Scientific publishers consider censoring "dangerous" research



Michael Hagmann




In what some consider a pre-emptive strike to avert heavy-handed US government regulations, more than 20 publishers of leading scientific journals — including Science, Nature and the Proceedings of the National Academy of Sciences (PNAS) — committed themselves to rejecting data that could be misused for bioterror attacks. In their joint "Statement on Scientific Publication and Security" the editors and publishers stressed, however, that the journals have an obligation to "protect the integrity of the scientific process by publishing manuscripts of high quality, in sufficient detail to permit reproducibility" because "open publication brings benefits not only to public health but also to efforts to combat terrorism."

The announcement — made public during the annual meeting of the American Association for the Advancement of Science (AAAS) in Denver in mid-February and subsequently published in several key journals — calls for "self-governance" by the scientific community as an alternative to government control of forthcoming articles. "It is up to us in the scientific community to define the standards and to establish the framework to ensure that critical information is withheld from terrorists while permitting the continued advancement of biomedical research and the protection of public health," said Dr Ronald Atlas, president of the American Society for Microbiology, one of the strongest advocates of self-policing measures. "This is work in progress, however, and we will have to continually seek to improve the process and, more specifically, define what sort of information might constitute a dangerous 'cookbook' for terrorists."

The joint statement was signed by, among others, editors of the New England Journal of Medicine, the Journal of Virology, the Journal of the American Medical Association, and Nobel Laureate Harold Varmus, president of the Memorial Sloan-Kettering Cancer Center in New York. It urges editors to modify articles or to decline to publish them if potential risks outweigh the benefits resulting from the publication of, say, the identification of a virulence cluster in a certain pathogen.

Critics of the new publication guidelines contend, however, that editors and referees would by no means be capable of objectively assessing what constitutes potentially "dangerous" science, that is, identify papers that were likely to cause more harm than good. "I've studied these things for 50 years, and I couldn't make that judgement, and I don't see how editors of journals can do either. The job of journals is to judge the scientific quality of things, not to act as people who censor or make these kind of decisions, which are more political than they are scientific," said Dr Stanley Falkow, a microbiologist at Stanford University, in the New York Times.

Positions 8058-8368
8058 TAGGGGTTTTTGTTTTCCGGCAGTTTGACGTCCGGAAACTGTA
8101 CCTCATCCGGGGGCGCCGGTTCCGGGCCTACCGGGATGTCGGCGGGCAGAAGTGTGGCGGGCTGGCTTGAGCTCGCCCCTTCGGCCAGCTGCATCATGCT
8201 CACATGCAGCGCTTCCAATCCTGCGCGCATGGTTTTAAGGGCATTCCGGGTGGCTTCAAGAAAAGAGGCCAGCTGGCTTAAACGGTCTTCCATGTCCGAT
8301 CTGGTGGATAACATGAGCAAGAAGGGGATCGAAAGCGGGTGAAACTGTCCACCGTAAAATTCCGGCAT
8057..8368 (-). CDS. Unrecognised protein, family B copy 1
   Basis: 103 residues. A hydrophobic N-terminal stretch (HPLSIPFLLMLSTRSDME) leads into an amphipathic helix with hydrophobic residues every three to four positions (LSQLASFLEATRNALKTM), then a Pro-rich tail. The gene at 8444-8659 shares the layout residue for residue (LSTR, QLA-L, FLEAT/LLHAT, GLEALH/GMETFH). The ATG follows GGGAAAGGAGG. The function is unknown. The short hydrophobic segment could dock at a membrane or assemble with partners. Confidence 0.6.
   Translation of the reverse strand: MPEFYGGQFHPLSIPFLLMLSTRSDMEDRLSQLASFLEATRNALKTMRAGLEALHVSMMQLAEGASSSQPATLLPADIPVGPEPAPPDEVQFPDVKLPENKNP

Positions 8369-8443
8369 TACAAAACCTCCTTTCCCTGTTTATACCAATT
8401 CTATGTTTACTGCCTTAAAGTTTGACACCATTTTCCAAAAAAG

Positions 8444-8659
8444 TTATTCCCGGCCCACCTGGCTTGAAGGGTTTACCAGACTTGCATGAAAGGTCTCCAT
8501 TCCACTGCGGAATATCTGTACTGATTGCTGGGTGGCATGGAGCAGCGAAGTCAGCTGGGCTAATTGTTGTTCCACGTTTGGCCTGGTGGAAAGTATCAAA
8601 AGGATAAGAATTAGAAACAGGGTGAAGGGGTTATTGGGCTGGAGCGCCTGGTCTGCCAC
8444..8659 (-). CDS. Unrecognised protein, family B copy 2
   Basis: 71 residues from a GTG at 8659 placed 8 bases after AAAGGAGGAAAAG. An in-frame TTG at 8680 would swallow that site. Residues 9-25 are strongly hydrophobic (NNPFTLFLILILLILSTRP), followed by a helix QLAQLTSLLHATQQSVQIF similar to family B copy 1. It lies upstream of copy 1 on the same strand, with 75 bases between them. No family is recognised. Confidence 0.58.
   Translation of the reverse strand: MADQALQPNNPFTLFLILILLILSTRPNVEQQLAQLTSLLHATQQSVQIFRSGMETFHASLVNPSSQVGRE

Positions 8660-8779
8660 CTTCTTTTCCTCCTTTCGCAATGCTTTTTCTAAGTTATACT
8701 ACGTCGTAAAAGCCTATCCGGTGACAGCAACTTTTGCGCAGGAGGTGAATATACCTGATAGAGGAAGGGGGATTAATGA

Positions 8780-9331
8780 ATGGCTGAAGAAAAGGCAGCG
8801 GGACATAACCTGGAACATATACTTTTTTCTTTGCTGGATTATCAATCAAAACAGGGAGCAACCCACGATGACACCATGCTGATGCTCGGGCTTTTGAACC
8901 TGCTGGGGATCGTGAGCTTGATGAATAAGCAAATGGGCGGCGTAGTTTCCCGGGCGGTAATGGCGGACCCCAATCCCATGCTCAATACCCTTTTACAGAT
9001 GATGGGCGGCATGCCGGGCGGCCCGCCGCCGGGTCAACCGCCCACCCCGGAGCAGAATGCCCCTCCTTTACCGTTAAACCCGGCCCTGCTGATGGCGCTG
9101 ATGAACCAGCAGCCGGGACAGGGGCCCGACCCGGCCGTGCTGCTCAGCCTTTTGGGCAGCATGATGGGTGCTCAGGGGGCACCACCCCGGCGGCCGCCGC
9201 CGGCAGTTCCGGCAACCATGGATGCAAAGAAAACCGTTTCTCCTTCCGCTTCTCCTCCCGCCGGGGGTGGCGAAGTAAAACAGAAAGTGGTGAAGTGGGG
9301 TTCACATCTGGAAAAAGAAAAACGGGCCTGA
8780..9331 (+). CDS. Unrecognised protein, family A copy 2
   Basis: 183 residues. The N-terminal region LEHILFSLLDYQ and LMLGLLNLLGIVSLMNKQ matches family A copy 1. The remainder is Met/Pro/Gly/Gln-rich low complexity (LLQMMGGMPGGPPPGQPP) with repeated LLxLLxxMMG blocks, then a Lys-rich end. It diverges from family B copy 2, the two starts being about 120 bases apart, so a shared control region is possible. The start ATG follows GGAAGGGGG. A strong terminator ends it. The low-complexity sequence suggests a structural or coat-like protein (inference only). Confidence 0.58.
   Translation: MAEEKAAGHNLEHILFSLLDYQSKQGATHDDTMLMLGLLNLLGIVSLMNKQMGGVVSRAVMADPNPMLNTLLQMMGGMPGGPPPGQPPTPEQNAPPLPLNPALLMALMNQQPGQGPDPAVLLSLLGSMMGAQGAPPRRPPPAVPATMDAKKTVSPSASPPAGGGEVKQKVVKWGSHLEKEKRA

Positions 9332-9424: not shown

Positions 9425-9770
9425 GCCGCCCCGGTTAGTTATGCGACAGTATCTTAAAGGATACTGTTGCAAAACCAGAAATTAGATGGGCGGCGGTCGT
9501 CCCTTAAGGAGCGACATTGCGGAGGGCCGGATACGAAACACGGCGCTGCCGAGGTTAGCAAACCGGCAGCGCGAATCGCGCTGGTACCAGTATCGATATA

The new publication guidelines are the first tangible result from a January invitation-only workshop held at the US National Academy of Sciences (NAS) in Washington, DC, which brought together scientists and policy-makers to discuss the potential conflict between scientific openness — a cornerstone of the scientific process — and national security. At Dr Atlas's request the workshop had been convened to bridge an ever-widening gap between the two camps over how to balance the needs of scientists for free access to research data and the demands from government officials for more secrecy with respect to sensitive information.

At the January meeting, government officials encouraged the scientific community to draw up a self-censorship scheme of sorts, to safeguard scientific information from falling into the hands of terrorists. "We were warned ... that if we don't watch out, the government could misunderstand our work and put the screws on," Dr Eckard Wimmer, a microbiologist at the State University of New York at Stony Brook, told the New York Times. Dr Wimmer, a signatory of the joint statement, considers it an important step "to avoid such damaging action by the government."

As to whether the new guidelines will drastically change the way scientific data are published remains to be seen, though. So far, it does not look as if they will. In the past two months editors at the PNAS "flagged" 20 submissions — less than 1% of all submitted manuscripts — which dealt with diseases and pathogens that could pose a risk to public health. Yet after careful review the Editorial Board of the journal decided to publish them unaltered. Similarly, in the years 2001 and 2002, out of 14 000 submissions to the 11 journals published by the American Society for Microbiology, only two, that is, less than 0.015%, gave cause for concern. They were both published with minor modifications, according to Dr Atlas.

Meanwhile even editors who support the new publishing policies seem to be worried that being overly restrictive might in itself do more harm than good. "Any work of value to terrorists will also be of value in countering terrorism," said Dr Nicholas Cozzarelli, the Editor-in-Chief of PNAS. Dr Falkow couldn't agree more. "Ignorance is not a good defence. Knowledge is."

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